Pulmonary Fibrosis: Meet the Lungs

lung cells

In this video from khanacademymedicine, learn what the lungs are. “Every time you take a breath, oxygen makes it way into your lungs.”

Learn more about pulmonary fibrosis: http://bit.ly/1lfMsiZ

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  1. Mary says:

    I would love to see a video or words of when you are diagnosed with IPF in stages early on. Eveytime I have to see a doctor now I don’t know if it’s because I have IPF and could this a symptom, I know of what is put in theses posts greatful for that but the Marjorities are IPF patients a lot farther down the line from what I seem to have, hell, I can’t even write it out right so complicated, so contradictory and I don’t know anything other than I am going to die from it.

    • Diana Marcotte says:

      My husband was diagnosed with IPF in February 2001, and although he is failing now, he continued to work, fish, hunt, etc. for the first five years or so. His only symptom back then was a relentless cough. Then one day, out of the blue, he ended up in the hospital and has been on O2 24/7 since. He is now in the end stages and can no longer even walk. His O2 drops down into the 60s and 70s just from standing up to get from his bed to his wheelchair or from his wheelchair to the toilet. He has passed out numerous times from low O2, and has even convulsed a few times while passed out. From what we’ve learned, there is no “normal” progression and no “normal” life span. It is what it is.

      • Susan Conly-Caviness says:

        So sorry to hear of your struggles. My father progressed very much like your husband. We were with him for it all. Sending prayers your way.

  2. Rose Sottilo says:

    I heard there are no “stages” to IPF, so how do you know what stage you are in. What do I ask my pulmonary DR to get a time frame on my mortality.
    What is advanced?
    What is early stages?
    I was just diagnosed in June.
    Pulmonary Doc said it was very advanced. But I still go to work each day and walk in from the back parking lot.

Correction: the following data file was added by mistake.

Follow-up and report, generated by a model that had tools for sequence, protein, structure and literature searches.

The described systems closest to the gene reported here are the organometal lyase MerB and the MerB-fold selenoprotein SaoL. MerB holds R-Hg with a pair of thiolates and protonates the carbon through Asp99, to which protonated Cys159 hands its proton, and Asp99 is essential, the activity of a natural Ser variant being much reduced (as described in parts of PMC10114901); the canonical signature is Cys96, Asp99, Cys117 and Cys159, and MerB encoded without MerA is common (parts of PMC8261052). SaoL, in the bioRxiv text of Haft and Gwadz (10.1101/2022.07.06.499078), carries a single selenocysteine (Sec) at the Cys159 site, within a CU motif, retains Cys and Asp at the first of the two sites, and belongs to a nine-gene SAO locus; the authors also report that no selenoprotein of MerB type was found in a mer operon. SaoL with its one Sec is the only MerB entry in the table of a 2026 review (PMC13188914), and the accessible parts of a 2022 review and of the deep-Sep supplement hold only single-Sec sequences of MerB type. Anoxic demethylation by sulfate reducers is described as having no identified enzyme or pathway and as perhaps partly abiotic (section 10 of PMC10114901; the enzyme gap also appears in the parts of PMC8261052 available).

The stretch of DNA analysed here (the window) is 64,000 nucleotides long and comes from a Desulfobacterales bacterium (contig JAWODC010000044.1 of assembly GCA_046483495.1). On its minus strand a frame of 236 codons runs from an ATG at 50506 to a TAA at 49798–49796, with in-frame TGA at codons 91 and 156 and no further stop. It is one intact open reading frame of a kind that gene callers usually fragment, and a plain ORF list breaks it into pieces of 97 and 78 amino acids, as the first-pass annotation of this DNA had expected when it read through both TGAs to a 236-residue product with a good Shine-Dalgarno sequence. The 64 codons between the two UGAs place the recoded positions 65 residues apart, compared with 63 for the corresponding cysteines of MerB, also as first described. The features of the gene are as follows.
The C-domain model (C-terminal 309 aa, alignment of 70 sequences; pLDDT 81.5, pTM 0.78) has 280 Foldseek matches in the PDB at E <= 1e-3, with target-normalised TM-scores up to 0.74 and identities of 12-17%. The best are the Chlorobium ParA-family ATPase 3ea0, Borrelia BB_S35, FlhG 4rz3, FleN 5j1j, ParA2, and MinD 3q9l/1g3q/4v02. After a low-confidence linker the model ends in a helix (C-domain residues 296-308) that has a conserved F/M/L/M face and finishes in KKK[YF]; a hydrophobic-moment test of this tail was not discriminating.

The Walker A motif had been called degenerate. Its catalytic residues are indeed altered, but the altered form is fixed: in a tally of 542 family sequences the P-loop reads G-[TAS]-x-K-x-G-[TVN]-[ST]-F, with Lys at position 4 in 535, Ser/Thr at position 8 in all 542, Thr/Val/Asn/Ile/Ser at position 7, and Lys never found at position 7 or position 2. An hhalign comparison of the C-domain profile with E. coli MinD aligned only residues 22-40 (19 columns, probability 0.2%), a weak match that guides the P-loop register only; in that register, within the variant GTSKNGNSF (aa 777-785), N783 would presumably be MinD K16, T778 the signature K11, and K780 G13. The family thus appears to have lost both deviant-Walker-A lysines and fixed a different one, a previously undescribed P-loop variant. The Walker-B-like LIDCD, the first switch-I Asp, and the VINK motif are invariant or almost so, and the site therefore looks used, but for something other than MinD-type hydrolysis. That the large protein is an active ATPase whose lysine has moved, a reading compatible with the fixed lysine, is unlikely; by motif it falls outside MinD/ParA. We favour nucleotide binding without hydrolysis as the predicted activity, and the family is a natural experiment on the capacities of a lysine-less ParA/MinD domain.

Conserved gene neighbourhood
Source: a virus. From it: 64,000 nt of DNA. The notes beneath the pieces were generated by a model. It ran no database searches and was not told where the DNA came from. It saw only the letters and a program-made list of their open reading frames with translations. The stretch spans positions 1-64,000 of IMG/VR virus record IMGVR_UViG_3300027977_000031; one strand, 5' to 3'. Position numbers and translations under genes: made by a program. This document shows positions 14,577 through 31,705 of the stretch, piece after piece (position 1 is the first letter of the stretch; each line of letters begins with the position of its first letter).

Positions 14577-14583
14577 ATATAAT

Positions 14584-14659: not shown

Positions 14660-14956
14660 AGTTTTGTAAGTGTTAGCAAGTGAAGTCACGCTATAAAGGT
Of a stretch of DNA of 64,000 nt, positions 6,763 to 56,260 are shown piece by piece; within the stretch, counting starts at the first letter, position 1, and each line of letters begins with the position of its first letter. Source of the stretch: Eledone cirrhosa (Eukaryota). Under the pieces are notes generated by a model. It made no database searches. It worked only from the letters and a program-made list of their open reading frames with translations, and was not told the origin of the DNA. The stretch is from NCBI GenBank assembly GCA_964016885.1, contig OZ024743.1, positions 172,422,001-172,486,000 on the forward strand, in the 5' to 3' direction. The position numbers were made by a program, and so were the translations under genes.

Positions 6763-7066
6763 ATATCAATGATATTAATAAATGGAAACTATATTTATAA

I still take my dog for walks. Luckily she is a very old dog and walks slowly.
    I am on oxygen at night.
    I have an elliptical that I can do 20+ minutes on. Some days I need oxygen when working out. I use my oximeter when i feel breathless.
    I ride my bike on a flat trail. I can no longer do the hills.
    I can go down stairs, but going up stairs forget it.

    • Tim Bossie says:

      We would say that you are doing fantastic Rose. IPF is not an illness with concrete mortality limits. Some people can have “advanced” stages and live for several years.

      • Cristina says:

        I spoke with several dr’s and did a lot of research. So,e people can live with it for more than 15 years. The fact that you still do all that, it’s fantastic. Keep it up! It expands/ maintains your lungs capacity.
        My doctor said that some people never get worse or advance very slowly. Best of health and best of luck to you!

  3. Susan says:

    First, I must say NEVER take ANY doctor’s word on anything, UNTIL you check it out with a 2nd and 3rd opinion! Experience has taught me that! I have found that while I have a good idea of what is wrong (I am an RN), they always disagree, and then after much TIME, testing, and MONEY, they end up being wrong and I am right.